February 11, 2010

It's Valentine's Day, People, Chill Out!

So, I've been reading a few articles, one in particular which stands out in my mind (but I can't find it now, of course), which were all about how people think Valentine's Day is an invented holiday.

And in these articles, girls claimed they didn't need to be rescued, and boys claimed they didn't need to be restricted to one day a year to show their love. People claimed that buying gifts was a silly tradition that people couldn't afford to do, that going out to dinner was too expensive, that people feel put on the spot, that they can't live up to the hype, that single people felt left out, etc., etc., etc.

Basically, V-Day is the end of the world, and we're all gonna die from over-exposure to love-themed greeting cards.

Look, people,
1) I was a single person, and it was fun--I bought fancy chocolates at a discount, got myself a faboo movie, and enjoyed my day. Buck up, bitches.
2) It doesn't have to be a big production. The husband and I have reservations at White Castle for the third year in a row (where they do candle light and table service on V-Day). Nobody has to cook, nobody has to drop $130 on a meal, and nobody goes home without having enjoyed a chicken ring or several. Once some strangers even accidentally set their food on fire. How's that for an exciting night on the town?
3) Nobody rescued me. How does Valentine's Day equal rescue, exactly? What are they rescuing you from?
4) You can make your own card if it is that big of a deal to you. Stick it to the man and his invented holiday designed to sell greeting cards. Or, if you're not that creative or don't have that kind of time, buy one and shut up. They cost like three bucks. Consider it a contribution to all the other times you suck at the last minute and Hallmark comes through for you and your lack of planning.
5) Don't buy gifts if you don't want to/can't afford to. Or set a spending limit. My husband and I give gifts. Will we always? I don't know. But it's fun for now. If it's not fun for you, don't do it. If your significant other wants gifts, consider this. If your significant other is happy, you will also be happy. You know this to be true. You also know that protesting Valentine's Day is not going to be an acceptable excuse to show up empty handed.
6) Buy flowers some other day. Flowers are ridiculously expensive on Valentine's Day. Under no circumstances would I expect anyone to send them to me at this time of year. Yet, when do you usually see them on co-workers' desks?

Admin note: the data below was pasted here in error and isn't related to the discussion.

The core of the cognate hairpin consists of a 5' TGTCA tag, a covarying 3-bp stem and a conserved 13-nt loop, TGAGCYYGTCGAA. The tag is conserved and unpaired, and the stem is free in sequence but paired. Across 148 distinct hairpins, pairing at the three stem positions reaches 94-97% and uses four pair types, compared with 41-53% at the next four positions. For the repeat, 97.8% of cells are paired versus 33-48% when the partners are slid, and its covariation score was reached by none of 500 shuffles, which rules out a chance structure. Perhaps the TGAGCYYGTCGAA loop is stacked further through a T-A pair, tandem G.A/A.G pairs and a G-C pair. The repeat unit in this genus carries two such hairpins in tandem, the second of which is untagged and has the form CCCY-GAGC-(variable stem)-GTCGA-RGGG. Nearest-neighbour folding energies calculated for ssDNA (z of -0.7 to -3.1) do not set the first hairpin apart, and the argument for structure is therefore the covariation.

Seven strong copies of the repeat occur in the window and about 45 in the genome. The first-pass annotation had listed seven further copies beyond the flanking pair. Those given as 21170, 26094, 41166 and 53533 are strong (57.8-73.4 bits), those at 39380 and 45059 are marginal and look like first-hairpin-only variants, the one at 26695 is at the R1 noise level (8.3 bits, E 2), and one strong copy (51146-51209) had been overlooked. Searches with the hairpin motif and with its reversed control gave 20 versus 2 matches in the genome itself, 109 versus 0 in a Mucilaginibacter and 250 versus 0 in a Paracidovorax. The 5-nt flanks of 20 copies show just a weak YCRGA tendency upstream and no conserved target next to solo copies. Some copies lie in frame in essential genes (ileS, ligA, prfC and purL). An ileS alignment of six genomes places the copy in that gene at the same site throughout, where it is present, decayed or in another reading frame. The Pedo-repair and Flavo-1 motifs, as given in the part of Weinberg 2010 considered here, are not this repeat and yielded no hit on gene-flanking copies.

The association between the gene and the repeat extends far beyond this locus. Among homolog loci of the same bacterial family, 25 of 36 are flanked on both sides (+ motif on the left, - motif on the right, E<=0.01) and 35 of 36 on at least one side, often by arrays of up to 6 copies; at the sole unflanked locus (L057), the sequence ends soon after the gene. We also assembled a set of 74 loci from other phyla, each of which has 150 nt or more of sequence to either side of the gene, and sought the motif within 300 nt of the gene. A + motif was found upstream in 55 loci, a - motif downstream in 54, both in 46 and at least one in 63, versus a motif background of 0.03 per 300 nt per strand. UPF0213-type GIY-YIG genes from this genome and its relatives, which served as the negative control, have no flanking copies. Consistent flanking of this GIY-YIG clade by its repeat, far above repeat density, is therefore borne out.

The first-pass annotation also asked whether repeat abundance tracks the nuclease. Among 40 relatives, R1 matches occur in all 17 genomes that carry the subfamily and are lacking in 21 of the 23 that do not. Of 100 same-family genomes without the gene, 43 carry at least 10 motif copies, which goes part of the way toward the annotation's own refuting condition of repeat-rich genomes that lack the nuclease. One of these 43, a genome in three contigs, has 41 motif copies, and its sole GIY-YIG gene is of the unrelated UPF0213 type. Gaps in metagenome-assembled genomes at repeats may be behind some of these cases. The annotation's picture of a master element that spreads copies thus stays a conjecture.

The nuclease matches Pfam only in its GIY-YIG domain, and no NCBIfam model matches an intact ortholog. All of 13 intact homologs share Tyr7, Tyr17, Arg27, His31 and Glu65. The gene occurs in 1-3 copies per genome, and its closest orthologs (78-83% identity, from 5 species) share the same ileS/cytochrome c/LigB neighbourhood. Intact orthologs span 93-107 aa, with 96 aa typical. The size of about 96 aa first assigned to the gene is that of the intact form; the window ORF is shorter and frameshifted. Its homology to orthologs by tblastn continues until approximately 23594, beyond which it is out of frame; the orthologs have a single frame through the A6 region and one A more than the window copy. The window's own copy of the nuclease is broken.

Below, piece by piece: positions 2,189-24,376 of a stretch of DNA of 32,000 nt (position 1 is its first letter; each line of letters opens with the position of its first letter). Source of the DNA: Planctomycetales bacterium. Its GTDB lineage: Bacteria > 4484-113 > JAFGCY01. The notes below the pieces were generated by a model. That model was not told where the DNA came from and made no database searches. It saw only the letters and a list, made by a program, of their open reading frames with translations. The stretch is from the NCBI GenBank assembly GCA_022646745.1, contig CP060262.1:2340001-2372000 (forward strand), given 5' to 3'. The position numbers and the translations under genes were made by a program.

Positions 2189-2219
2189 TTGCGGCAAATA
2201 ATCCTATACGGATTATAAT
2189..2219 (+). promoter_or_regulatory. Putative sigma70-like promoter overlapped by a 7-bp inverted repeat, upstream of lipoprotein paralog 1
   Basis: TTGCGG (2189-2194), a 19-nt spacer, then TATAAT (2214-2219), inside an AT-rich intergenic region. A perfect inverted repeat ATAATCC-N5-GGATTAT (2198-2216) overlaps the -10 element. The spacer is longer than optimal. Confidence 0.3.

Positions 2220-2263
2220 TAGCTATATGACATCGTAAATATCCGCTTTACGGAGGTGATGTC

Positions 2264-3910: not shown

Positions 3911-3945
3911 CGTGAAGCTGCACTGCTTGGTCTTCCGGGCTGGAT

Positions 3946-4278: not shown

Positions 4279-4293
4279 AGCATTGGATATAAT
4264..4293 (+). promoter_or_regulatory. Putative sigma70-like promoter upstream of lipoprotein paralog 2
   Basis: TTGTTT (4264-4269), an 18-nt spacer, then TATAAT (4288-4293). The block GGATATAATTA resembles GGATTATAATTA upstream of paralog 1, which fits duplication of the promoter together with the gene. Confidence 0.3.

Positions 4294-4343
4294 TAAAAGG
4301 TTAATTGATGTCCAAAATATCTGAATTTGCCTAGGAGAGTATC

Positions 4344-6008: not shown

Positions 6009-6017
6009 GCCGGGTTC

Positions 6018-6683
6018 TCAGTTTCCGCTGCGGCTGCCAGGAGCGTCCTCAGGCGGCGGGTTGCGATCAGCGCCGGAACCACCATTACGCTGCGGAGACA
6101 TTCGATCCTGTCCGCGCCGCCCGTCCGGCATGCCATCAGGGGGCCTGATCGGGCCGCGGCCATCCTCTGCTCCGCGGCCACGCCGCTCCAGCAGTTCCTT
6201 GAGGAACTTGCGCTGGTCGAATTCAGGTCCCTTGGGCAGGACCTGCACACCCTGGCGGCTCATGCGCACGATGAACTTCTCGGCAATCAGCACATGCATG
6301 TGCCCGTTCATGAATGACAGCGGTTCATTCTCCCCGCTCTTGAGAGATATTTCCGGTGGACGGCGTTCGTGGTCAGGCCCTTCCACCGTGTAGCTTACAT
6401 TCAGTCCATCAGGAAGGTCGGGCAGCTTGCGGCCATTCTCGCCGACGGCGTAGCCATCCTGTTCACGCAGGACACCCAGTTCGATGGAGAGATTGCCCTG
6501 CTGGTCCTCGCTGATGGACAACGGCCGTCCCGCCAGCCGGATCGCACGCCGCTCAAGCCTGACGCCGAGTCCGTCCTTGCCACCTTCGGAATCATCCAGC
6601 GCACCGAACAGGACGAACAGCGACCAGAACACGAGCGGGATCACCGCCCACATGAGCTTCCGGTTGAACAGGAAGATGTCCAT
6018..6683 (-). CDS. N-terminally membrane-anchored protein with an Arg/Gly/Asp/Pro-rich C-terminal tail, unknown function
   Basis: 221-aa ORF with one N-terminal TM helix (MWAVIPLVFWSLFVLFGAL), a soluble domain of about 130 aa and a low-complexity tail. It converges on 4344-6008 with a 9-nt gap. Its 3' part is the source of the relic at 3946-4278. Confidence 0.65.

Does the above list sound materialistic? Well, that's because the people who are like, "Oh, woe is me; I don't need one day to show my love" are A) full of crap and B) missing the point.

They are full of crap because the real truth is that they don't do Valentine's Day every day. They want an excuse not to do Valentine's Day ANY day. But they can't say, "I'm a cheap-ass bastard who doesn't want to spend $100 on a special day out to make someone feel warm and fuzzy" because then they look like a cheap-ass bastard. So instead, they say a lot of stuff about how it's too commercialized and too expensive and how they're against it on principle, and blah blah blah.

And what's probably worse than the fact that they are full of crap is that they are missing the point. The point now, regardless of the holiday's roots, which according to history.com are mysterious and uncertain, is to have a special day where you celebrate (in addition to usual, run-of-the-mill love) romance--which is like love, only different because it has to do with showing signs of your love through actions which are outside of yourself. It's about wooing and trying to impress each other like you did in the beginning. It's about reminding each other what good people you are (in case you forgot somewhere between deciding where to spend the holidays or fixing the car/stove/water heater/insert appliance here). And in some sense, I think it's about making sacrifices for each other and doing things that are out-of-the-ordinary and special to show your love in a way you might not always remember to do. Frankly, I look forward to it every year as a chance to recharge our batteries. It's not like we don't do special things for each other all year or that we don't have romance--we just like every excuse to have more.

And if you're single, instead of showing romance to a partner, you can show your love with actions by sending cards to people and letting them know that they are loved. You can bake a friend cookies. You can even buy fancy chocolates and celebrate your love of your freedom if you like.

I would like to submit that Valentine's Day is the one day of the year when we try to be the lovers we wish we could be (or could afford to be) the rest of the year. We don't often do candlelight dinner, and when we do it's special. One of those special days is Valentine's Day. And we try to do sweet little things for each other, like make dinner or send love notes or bring home flowers every once in awhile or even (gasp) put on something sexy just for someone else, but in case we get comfortable and forget, Valentine's Day is there to remind us once a year of what we would like to be in our relationships (and I would argue, our friendships): generous, giving, kind, thoughtful, spontaneous, loving, selfless, and romantic. It's a day that reminds us that true love involves making someone else feel it.

So come on people. It's just a little holiday that lets us do something special for each other once a year. And if you were "already showing your love all year," then it wouldn't be a big deal to do it once more.

But if you aren't, which I suspect is more likely the case (because who amongst us is perfect), then jump on the bandwagon just this once and be someone's Valentine.

Posted by LoWriter at 07:37 PM | Comments (2)